So, the Fitbit Inspire HR isn't the best Fitbit around, and probably won't be most people's first choice for a fitness tracker. But if money is tight and you find a good bargain, it could well be worth snapping up as an introduction to your Fitbit experience.
Fitbit Inspire HR review: price and release date
The Fitbit Inspire HR was first released in 2019, with an RRP of USD$99.95 / GBP£89.99 / AU$179.95. Those times have changed and the best prices now come from third-party retailers or refurbished units. That's also for a version with a silicone band with other bands available including leather, double wrap, and stainless steel. Again, if you can find them.
The main features of the Fitbit Inspire HR include 24/7 heart rate monitoring, a swimproof design, 5 days of battery life, activity tracking, sleep tracking, and automatic exercise tracking for specific workout sessions.
Fitbit Inspire HR review: setup and use
Much like the rest of the Fitbit range, the Fitbit Inspire HR is very easy to set up. It takes minutes to unpack, place on your wrist and set up via the Fitbit app. Of course, it's even quicker if you have an existing Fitbit account but either option is pretty speedy.
We're not massive fans of the wrist strap admittedly. The standard one that comes with the Fitbit Inspire HR is a fairly cheap but surprisingly sturdy plastic strap. The downside to this sturdiness is that it can be awkward to wrap around your wrist, especially if your wrists are slender. Alongside that issue is the fact there's only one buckle to hold the remaining/loose strap to your wrist. Rather than a regular watch strap design like the one seen on the Fitbit Inspire 2, for instance, you clip the band in with a press and it's not quite as secure as we'd have liked.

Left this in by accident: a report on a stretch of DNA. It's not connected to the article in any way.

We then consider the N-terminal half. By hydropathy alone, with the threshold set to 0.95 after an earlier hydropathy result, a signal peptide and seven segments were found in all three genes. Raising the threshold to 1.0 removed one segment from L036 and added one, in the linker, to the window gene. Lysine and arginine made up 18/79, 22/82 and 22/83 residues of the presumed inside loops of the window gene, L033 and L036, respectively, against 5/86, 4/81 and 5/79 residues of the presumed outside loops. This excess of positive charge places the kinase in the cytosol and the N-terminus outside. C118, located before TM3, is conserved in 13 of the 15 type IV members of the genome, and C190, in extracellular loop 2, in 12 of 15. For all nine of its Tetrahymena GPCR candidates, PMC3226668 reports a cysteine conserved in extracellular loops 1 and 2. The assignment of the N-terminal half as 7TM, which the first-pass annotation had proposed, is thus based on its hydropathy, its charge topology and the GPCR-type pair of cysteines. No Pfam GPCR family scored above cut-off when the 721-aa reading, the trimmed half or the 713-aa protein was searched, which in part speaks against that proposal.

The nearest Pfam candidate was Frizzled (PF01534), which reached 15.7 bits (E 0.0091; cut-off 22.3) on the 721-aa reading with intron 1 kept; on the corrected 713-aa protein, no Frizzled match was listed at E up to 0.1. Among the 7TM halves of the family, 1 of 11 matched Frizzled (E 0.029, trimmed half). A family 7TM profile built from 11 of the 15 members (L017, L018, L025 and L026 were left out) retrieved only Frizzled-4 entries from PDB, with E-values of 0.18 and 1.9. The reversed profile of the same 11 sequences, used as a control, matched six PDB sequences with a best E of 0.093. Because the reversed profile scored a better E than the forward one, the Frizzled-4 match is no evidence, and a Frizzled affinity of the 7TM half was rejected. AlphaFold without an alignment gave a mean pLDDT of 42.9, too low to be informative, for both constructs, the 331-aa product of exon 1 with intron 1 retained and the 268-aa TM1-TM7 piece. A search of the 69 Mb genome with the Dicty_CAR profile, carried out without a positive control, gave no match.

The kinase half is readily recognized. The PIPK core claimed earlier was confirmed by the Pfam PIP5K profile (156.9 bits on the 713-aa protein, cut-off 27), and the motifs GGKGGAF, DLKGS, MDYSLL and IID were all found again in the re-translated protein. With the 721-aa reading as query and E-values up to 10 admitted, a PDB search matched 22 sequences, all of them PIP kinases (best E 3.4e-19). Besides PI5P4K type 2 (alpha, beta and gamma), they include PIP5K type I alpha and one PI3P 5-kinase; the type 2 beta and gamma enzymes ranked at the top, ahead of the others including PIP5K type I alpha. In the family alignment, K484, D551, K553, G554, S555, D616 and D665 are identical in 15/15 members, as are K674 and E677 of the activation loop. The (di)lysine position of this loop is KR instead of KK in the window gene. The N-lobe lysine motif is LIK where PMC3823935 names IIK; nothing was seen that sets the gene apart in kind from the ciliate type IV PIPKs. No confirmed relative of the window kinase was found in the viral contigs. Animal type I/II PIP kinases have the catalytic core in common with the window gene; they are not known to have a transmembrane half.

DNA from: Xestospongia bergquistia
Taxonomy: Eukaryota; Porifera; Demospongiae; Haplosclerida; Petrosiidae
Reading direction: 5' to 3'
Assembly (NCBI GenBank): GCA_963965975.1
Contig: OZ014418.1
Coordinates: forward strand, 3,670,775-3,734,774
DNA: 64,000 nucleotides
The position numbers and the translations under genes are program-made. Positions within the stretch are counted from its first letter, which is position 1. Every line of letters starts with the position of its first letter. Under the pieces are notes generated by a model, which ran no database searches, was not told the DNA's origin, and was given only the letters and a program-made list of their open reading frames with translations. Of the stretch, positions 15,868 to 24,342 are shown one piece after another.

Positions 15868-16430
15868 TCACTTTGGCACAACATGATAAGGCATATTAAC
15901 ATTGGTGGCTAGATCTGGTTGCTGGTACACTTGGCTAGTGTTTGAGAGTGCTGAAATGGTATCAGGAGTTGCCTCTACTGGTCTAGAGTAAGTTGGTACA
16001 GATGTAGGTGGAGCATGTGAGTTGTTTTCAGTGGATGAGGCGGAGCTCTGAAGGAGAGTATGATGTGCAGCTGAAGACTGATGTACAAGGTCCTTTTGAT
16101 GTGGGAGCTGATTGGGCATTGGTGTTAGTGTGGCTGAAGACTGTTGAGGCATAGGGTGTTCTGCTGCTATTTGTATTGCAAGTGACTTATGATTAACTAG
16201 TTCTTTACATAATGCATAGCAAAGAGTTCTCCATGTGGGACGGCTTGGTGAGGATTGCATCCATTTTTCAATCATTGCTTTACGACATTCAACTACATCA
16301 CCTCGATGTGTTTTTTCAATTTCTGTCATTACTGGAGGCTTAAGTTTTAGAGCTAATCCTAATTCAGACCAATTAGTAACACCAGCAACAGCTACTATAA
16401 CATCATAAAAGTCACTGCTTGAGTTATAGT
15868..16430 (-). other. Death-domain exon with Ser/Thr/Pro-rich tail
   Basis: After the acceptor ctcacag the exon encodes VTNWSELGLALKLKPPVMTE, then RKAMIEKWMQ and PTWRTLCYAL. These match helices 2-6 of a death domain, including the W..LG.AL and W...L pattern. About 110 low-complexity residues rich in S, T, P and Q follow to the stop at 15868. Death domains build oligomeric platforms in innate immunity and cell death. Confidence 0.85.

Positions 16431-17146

Outside of those physical issues though, and once the Fitbit Inspire HR is on you, it's simple stuff. The Fitbit app is intuitive and merely requires you to enter a few key details like your age, weight, and fitness aims, before figuring out what's best for you. While the battery life isn't the longest of fitness trackers, 5 days is enough that means you won't have to fight with the wrist strap too often either.
Fitbit Inspire HR review: design and build quality
The Fitbit Inspire HR was one of the sleekest looking fitness trackers when it first launched, despite being a little thick. It's not quite as shiny or classy looking now when you compare it to the competition but it still doesn't steal focus by any means.
Standard color choices are black, lilac or white with black likely to fit most into someone's aesthetic. The build quality is sturdy too, giving you a sense that it's not going to be easily damaged while you work out or partake in a swim.
The right hand side of the device has a button for waking the screen up or taking you back to the home screen with swipes on the touchscreen helping you negotiate the commands. It's not as responsive or as fancy looking as a smartwatch but it gets the job done. For the most part, you'll be using the app to check stats anyhow but it's convenient to be able to view your performance via the small but sharp 1.4-inch OLED screen. It's also possible to start a few exercises here or use the guided breathing sessions although it's not the simplest of interfaces.
Style wise, we're not fans of the thick bezels that surround the display, wishing that space could have been used for something better but again, it's a slight sign of the age of the device given newer Fitbits are sleeker.